New State Regs, Lawsuit Increase Heat on Health Care Sharing Ministries
Scrutiny of health care sharing ministries (HCSMs) is growing, with Colorado becoming the second state to require the entities to submit health care financial data to insurance departments amid stepped-up scrutiny from regulators nationwide. Meanwhile, a Florida health system filed a lawsuit challenging the common practice among HCSMs of pushing members to conceal their sharing ministry enrollment when dealing with providers’ billing departments, which Orlando Health contends is an effort to “illegitimately secure the reduced ‘charity rate.’”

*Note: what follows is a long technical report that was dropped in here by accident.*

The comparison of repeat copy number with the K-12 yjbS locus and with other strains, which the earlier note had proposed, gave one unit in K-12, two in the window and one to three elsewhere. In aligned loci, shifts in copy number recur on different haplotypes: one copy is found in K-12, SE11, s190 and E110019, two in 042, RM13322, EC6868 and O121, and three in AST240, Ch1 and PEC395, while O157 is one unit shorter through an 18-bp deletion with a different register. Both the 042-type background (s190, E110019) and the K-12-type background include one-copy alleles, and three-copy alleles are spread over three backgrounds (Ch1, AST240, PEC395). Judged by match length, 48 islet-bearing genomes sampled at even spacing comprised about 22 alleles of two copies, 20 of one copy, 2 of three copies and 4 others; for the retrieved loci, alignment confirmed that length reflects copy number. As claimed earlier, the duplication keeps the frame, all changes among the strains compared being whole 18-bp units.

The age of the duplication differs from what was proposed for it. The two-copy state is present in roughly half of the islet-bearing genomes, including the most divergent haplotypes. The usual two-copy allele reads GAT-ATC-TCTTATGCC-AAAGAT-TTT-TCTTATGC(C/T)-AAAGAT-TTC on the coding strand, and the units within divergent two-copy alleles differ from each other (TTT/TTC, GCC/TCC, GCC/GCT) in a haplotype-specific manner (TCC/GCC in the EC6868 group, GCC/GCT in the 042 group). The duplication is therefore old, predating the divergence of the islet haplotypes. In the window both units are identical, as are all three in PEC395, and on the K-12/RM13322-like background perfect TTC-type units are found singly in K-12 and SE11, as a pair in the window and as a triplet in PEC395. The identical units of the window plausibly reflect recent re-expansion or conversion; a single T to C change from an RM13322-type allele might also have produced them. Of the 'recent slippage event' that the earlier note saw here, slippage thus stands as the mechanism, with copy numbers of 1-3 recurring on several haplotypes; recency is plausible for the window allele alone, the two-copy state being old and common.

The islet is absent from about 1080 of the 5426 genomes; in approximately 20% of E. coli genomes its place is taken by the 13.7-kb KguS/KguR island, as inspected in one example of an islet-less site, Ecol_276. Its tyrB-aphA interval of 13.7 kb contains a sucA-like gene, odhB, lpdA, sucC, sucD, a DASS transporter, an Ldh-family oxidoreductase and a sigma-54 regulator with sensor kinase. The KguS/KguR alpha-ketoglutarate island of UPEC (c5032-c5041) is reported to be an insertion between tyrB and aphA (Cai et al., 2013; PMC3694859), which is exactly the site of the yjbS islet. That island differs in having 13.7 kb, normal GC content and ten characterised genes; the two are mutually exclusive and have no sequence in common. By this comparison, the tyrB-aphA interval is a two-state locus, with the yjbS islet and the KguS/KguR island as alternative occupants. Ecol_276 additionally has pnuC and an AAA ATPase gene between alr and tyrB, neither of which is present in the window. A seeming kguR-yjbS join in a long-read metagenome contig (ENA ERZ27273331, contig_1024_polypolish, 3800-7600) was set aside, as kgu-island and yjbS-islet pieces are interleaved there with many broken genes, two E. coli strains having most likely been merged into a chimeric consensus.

HCSM supporters contend that the religious organization-affiliated ministries provide a less expensive alternative to health insurance for members who agree to comply with faith-based lifestyle restrictions and pledge to “share” medical costs among members. But critics say the programs provide no guarantees of coverage and are exempt from much insurance oversight, while still being marketed in many cases by brokers with terminology such as provider networks and benefit design names that mimic traditional insurance.